Comedy acts sometimes struggle on theme weeks, when basically EVERYONE becomes a comic turn – like it or not. So it proved for the Rev, still valiantly weird doing Flash Gordon in a Princess Di wig and Hillary Clinton pantsuit. Also occasionally some paso. A leap that made me giggle, ditto a tangled cape moment, and the pair of them managing to keep a straight face added to the entertainment value, but no shaping and wound up getting lost in the mix.

Song: “Flash’s Theme” from Flash Gordon

Judges’ comments: Darcey praised his conviction, but spiky. Shirley said the flamenco arms were like knitting, and wanted rotation in the body. Bruno said it was paso in alien form. Craig found the hand shaping peculiar and jeté disastrous.

Judges’ scores: 2, 4, 4, 4 – 14





Debbie and Giovanni – You say rule change

Debbie McGee, Giovanni Pernice – (C) BBC – Photographer: Guy Levy

OK, so The Ten Second Rule is obviously an absurd thing to pretend has always been with us, our guiding light, praise be, but I do agree that someone as great as Debbie doesn’t need filler – get in hold and stay there. Yes, she struggled with stamina in training, but the faff looked equally draining. Also occasional issues with head positioning, and could do with lowering to get proper driving heel leads. But still in a different league to everyone else thus far – poised, elegant, musical, gorgeously light and crisp.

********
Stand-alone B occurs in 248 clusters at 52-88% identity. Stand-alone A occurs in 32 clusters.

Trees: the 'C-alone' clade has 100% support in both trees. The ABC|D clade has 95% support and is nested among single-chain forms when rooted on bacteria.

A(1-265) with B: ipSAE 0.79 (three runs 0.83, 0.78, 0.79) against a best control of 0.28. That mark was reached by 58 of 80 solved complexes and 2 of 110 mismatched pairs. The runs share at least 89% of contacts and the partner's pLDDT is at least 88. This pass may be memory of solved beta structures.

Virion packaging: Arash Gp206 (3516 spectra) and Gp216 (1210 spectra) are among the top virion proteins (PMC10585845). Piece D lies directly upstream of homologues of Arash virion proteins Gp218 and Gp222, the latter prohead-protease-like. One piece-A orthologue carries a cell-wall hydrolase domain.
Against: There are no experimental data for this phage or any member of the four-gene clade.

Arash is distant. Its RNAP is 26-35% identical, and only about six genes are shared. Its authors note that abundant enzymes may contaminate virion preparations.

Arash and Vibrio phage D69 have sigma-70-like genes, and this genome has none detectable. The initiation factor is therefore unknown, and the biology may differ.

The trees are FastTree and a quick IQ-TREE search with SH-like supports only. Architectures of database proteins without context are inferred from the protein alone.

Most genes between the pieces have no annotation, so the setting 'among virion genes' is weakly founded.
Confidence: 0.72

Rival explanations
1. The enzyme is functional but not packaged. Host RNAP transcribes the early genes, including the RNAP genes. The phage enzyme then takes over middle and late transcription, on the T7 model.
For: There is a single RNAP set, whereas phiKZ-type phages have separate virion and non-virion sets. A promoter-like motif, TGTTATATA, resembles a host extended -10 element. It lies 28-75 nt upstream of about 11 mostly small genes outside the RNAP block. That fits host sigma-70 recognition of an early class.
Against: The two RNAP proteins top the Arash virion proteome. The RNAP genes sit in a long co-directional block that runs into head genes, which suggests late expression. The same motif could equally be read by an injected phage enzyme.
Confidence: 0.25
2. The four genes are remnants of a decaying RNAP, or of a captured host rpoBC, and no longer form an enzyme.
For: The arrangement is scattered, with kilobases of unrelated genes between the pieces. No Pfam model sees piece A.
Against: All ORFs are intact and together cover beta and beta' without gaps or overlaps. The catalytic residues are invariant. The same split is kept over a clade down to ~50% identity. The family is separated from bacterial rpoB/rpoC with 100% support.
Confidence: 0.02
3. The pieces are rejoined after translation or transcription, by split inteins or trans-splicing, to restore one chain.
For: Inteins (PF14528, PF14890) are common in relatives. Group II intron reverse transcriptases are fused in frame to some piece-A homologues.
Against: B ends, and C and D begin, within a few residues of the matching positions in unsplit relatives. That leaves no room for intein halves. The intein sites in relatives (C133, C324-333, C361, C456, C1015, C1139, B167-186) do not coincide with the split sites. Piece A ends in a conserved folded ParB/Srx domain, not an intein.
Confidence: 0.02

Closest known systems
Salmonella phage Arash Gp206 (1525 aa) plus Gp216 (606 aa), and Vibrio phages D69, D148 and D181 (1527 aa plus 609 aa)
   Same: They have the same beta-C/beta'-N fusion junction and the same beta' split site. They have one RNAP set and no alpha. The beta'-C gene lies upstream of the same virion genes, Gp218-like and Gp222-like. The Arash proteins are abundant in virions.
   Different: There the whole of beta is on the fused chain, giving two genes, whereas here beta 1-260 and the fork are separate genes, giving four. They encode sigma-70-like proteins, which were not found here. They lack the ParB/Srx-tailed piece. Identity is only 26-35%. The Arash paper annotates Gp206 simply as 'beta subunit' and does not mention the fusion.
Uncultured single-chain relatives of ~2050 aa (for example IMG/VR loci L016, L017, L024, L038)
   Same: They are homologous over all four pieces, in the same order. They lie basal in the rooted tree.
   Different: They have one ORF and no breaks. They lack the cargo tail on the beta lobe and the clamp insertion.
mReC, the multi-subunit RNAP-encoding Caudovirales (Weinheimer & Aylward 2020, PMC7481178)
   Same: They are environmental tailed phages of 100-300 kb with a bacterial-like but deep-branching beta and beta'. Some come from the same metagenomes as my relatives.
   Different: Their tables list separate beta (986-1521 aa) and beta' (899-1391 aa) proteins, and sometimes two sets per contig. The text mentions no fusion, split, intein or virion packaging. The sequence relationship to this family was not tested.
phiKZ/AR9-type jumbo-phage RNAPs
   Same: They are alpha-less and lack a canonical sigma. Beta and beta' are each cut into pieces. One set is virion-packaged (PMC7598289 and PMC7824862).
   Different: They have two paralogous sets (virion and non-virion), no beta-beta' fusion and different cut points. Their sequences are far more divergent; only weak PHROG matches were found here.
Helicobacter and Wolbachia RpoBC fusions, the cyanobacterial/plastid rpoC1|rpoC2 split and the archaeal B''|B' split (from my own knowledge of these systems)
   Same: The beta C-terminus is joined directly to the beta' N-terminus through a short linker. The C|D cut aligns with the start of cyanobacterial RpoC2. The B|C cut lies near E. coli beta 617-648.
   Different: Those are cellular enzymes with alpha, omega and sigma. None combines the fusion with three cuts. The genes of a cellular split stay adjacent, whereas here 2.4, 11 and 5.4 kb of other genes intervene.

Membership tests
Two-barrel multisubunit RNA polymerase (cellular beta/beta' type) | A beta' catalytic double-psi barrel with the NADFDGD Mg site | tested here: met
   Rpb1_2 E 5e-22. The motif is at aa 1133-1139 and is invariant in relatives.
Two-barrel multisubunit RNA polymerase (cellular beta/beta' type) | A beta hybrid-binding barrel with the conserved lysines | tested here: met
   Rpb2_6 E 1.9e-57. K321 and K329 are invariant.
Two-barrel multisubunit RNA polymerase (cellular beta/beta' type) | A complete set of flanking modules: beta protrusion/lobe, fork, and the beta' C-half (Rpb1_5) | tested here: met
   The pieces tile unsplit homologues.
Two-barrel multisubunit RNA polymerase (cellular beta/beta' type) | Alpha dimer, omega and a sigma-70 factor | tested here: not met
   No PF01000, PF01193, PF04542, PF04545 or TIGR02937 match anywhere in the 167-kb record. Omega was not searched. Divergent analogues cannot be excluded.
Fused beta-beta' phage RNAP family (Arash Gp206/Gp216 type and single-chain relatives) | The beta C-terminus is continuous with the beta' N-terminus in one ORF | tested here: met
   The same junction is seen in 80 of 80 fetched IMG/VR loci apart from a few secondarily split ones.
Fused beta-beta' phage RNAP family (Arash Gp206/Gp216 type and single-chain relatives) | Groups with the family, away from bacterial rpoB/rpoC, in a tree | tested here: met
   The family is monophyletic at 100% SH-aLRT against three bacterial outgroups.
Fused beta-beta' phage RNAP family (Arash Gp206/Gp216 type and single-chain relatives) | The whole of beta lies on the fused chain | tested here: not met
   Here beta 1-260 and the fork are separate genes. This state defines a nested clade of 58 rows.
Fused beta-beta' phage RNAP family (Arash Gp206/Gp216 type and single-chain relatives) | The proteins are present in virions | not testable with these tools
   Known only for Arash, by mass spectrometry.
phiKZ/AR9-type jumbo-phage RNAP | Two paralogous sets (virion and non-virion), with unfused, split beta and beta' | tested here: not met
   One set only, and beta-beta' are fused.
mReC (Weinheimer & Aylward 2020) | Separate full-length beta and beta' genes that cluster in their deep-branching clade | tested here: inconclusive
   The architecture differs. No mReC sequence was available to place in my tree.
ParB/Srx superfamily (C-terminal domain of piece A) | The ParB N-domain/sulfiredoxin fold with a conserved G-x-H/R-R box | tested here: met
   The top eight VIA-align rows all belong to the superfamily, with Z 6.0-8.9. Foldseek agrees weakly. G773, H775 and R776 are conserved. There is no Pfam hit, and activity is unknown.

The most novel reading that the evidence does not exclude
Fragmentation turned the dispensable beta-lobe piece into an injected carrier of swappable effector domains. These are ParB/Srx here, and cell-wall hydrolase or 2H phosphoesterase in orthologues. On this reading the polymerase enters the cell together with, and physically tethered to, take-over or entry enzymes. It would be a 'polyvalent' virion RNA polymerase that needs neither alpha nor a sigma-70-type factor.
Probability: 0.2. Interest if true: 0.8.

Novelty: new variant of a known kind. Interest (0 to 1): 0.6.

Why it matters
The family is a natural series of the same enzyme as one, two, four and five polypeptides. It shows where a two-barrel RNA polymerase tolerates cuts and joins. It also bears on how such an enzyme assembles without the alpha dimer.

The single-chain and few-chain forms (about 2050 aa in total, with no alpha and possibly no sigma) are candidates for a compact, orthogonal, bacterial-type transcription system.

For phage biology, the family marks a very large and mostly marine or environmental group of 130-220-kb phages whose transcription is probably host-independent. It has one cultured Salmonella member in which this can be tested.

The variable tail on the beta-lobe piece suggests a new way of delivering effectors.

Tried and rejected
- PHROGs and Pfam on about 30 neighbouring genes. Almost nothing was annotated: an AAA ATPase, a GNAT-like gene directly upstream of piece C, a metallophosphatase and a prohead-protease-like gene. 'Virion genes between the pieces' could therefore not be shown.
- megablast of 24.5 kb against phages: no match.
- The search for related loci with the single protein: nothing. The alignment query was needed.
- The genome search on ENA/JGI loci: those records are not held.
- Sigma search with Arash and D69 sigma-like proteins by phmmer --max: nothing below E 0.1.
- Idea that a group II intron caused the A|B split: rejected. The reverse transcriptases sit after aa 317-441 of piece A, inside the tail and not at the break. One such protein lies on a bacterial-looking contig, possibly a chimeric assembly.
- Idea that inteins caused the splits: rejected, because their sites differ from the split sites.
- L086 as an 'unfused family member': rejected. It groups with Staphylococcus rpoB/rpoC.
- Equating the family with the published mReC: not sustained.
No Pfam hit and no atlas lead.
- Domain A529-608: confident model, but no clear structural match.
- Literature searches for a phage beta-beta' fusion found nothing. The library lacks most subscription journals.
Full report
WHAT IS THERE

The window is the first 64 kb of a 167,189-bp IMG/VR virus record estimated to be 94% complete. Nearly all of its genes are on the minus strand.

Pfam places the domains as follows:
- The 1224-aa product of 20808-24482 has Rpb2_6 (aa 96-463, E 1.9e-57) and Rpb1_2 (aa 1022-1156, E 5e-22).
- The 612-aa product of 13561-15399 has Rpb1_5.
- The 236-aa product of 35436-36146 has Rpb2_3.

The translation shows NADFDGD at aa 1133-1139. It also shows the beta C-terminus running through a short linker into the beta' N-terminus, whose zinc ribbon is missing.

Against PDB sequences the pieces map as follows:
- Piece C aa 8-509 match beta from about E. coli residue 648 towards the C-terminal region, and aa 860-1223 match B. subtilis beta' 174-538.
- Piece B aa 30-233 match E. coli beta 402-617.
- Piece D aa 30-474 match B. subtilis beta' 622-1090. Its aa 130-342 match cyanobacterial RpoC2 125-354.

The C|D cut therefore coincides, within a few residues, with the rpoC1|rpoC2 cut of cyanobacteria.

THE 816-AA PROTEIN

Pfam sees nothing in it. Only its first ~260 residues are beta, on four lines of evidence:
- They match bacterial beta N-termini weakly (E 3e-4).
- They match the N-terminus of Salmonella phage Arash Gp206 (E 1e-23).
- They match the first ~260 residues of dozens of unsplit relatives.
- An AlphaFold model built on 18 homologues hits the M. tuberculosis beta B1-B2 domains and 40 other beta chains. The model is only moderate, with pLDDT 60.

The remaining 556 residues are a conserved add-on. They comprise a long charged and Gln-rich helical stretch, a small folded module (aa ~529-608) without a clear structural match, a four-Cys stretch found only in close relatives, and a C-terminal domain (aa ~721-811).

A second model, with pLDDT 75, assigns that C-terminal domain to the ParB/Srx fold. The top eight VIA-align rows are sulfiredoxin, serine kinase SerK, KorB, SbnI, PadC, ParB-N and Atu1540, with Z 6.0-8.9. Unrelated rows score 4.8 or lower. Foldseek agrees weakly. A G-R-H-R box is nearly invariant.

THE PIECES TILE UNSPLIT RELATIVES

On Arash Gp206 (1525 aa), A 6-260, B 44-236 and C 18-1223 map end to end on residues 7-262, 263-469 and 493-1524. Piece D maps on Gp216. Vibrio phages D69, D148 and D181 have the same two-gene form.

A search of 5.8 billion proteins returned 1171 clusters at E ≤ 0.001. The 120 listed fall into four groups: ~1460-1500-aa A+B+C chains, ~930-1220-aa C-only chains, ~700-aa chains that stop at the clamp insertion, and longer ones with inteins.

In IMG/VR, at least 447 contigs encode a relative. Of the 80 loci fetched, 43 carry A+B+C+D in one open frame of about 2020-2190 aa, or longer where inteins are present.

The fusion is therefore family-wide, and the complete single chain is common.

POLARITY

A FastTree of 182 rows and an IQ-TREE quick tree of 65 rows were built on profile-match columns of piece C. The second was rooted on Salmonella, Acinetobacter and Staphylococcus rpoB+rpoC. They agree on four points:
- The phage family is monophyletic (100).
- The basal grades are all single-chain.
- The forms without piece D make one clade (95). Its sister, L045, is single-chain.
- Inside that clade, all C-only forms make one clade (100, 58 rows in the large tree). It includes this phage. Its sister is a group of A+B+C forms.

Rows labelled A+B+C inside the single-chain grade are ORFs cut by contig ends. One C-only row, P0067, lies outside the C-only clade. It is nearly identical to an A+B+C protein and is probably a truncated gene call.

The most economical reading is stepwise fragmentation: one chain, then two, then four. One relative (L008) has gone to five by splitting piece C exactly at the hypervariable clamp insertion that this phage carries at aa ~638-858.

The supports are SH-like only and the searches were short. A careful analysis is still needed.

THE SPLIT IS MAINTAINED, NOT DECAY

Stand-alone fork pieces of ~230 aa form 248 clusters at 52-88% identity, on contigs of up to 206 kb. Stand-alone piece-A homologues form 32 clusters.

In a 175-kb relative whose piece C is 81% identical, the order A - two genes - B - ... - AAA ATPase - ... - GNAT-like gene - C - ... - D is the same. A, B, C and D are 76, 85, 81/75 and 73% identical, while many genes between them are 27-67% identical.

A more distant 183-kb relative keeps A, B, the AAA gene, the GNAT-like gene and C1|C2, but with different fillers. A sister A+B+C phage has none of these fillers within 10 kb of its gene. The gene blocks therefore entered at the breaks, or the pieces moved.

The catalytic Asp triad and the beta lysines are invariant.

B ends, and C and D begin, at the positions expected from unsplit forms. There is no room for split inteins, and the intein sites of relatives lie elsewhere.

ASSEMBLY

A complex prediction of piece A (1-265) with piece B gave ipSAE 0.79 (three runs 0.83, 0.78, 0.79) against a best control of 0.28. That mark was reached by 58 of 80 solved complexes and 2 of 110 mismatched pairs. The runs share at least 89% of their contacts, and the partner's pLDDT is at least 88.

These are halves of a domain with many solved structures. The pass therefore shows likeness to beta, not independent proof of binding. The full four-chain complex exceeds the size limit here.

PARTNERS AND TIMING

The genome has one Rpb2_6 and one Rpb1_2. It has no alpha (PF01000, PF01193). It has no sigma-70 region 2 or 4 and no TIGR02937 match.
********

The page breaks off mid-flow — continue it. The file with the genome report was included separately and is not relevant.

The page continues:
Song: “Let’s Call the Whole Thing Off” from Shall We Dance?

Judges’ comments: Shirley found the intro too long and movement in upper body, but great scatter chasses and performance. Bruno praised the Ginger mannerisms. Craig monologued like a Bond villain about The Ten Second Rule. Darcey loves the way she hides preparation.

Judges’ scores: 6, 8, 7, 8 – 29





Brian and Amy – Clutching at straws

Amy Dowden, Brian Conley – (C) BBC – Photographer: Guy Levy